As a total fan who has lost all objectivity when it comes to anything Potter-related, the biggest surprise about the seeing the final movie was how it wasn’t a sad experience. I don’t want to use cliches like “the end of an era”, but reading seven un-short books and watching eight un-short movies is quite a commitment. Near the end of this movie there was a brief flashback scene which contained a clip from the very first one and it was actually quite nostalgic to see Daniel Radcliffe as a young Harry, just coming into his powers. As finales go, Harry Potter and the Deathly Hallows, Part 2 was pretty satisfying. For those of you catching up, boy wizard Potter and his magical chums Hermione and Ron are trying to complete their quest for horcruxes — magically empowered items containing a piece of snaky super-villain Voldemort’s soul — in order to cure him of his immortality and rid the world of a nasty evil. This leads not only to adventures inside the vaults of wizarding bank, Gringott’s (another call-back to the first movie) but also a return and final showdown at Hogwart’s School of Witchcraft and Wizardry (one of the many iconic items of Potterabilia revisited in the grand finale). I think one of the aspects that made this film less of a tearful goodbye was the sense that even though we are revisiting many of the people, places, and things that remind us of movies past, it’s evident how much things have been changing. Deathly Hallows, Part 1 began with a literal and moving “You can’t go home again” montage as the kids left their families and residences. This time, not only does the audience know that this is the last movie, but as the characters move towards a final confrontation, it’s clear that win-or-lose, things are going to end up different than before. The closure is built right in.
For me, the scene with the biggest emotional impact was the preparation for the defense of Hogwart’s. With legions of Death-eaters and other baddies at their doorstep, it felt like a truly epic battle, complete with swelling music. It’s not quite Shakespeare’s Henry V, but I was impressed by how director David Yates (who also directed the previous three Potter films) was able to convey a sense of doom, yet also hope. The good guys were gearing up for a battle that they wouldn’t likely win, but it was extremely touching that they were doing it all for Harry.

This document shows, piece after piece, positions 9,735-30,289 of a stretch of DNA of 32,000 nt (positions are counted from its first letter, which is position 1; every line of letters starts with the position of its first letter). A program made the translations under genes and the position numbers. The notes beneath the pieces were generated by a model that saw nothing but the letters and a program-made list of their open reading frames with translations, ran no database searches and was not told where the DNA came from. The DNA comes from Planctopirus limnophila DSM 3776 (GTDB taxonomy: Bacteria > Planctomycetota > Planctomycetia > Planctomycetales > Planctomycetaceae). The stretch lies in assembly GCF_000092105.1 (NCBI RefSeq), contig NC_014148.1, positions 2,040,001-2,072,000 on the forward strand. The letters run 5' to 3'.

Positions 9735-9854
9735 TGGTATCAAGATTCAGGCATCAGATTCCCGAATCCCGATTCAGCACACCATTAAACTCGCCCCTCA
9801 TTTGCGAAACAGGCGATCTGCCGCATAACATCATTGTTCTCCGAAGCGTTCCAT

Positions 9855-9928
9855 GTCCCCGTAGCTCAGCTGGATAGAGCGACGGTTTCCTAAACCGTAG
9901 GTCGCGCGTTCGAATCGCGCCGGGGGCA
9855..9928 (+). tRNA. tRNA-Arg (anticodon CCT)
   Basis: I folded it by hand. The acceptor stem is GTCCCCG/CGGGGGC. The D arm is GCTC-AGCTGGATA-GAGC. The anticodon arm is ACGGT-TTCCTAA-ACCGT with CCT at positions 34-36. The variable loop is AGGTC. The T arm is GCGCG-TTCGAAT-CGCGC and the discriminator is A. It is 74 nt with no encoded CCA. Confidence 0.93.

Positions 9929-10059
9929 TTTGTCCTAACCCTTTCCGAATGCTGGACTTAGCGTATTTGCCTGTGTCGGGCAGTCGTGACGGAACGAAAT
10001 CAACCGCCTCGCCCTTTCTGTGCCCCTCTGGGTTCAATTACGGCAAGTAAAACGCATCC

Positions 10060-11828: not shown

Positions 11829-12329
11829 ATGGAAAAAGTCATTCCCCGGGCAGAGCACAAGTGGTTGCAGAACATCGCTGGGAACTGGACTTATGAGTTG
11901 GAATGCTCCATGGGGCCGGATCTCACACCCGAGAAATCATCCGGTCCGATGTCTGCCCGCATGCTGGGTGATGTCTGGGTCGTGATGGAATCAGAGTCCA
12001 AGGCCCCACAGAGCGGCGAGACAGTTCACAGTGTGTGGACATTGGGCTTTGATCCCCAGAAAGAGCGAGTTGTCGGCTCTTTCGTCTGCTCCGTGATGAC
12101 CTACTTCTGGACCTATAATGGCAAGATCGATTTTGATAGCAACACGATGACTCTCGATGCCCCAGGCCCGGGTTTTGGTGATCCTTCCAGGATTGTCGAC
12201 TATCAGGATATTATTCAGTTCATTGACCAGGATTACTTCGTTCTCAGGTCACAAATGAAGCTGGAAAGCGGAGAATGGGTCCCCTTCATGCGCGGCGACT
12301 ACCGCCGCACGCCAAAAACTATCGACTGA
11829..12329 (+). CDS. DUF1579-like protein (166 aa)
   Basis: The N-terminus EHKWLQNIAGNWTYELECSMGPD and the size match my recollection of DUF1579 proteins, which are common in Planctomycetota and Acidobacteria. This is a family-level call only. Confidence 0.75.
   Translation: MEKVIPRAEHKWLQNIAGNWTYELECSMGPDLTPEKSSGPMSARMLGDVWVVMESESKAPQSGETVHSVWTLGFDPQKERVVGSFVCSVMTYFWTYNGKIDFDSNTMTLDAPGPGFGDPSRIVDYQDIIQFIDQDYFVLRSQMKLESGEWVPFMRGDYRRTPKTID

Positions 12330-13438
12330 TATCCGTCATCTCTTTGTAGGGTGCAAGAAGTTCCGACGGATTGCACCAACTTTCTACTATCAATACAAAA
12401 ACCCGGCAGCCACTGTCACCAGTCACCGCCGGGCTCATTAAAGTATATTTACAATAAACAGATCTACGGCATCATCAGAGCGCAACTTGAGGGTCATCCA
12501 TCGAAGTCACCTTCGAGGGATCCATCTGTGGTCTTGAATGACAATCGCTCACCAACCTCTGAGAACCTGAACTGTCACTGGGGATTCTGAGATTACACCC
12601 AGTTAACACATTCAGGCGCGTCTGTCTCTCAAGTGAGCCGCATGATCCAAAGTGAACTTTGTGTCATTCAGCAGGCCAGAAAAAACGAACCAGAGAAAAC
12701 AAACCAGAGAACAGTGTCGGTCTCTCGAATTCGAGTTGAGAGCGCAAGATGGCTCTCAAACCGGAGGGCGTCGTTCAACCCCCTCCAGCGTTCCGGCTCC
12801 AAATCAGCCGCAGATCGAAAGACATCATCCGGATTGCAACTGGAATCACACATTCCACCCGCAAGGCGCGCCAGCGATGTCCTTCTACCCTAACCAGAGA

Visual effects were top-notch as usual. With each movie the visuals get better and better. Besides the numerous figures and the battle sequences (which frankly were not quite as impressive as Return of the King a few years ago), I was also quite impressed by the vaults at Gringott’s (which seemed to have gotten larger since we saw them in the first movie). I don’t remember them having been so cavernous (they seemed bottomless). Add to that a relatively brief scene with an old dragon who takes the Trio on an unplanned flight, and there’s definitely a lot of cool stuff to see in this film. One of the most amazing things about the Potter movies is that even though I’ve read all the books before seeing them, the production design always exceeds my imagination. I also tip my hat to screenwriter Steve Kloves, who was able to smoothly work in the complicated (and kind of tedious) wand ownership rules that come into play in the climax, while preventing them from dragging the plot down.
Nevertheless, to those of you who’ve read the book, I just want to warn you that some of the scenes which seemed momentous in the book were less impressive on screen. Included in that selection is the “resurrection stone” scene in the woods. Despite excellent performances from all the actors (as much as they could give in a pretty brief scene), without J.K. Rowling’s narration of Harry’s inner thoughts, the scene just didn’t measure up. Similarly the grand climax and the (spoiler alert) defeat of You Know Who also packed less of a punch than I’d expected. It was a bit of anti-climax. However, a set of scenes that I really enjoyed was the Pensieve scene with Snape’s memories. Alan Rickman is great as Snape and I probably felt more connected to him in those flashes than to most of the other characters in the film. It definitely surpassed the King’s Cross Station scene at the end. (I realize that I’m kind of speaking in code to folks who know the book, but despite the relative lack of surprise in this movie, I don’t want to give away too much in this review.) Finally, the epilogue was done well, and I feel like that was a wonderful way to finish things off. It didn’t seem cheesy, and it conveyed a sense of the cycle of life, or the continuation of things, which is always a great way to end a series. (4.5 out of 5)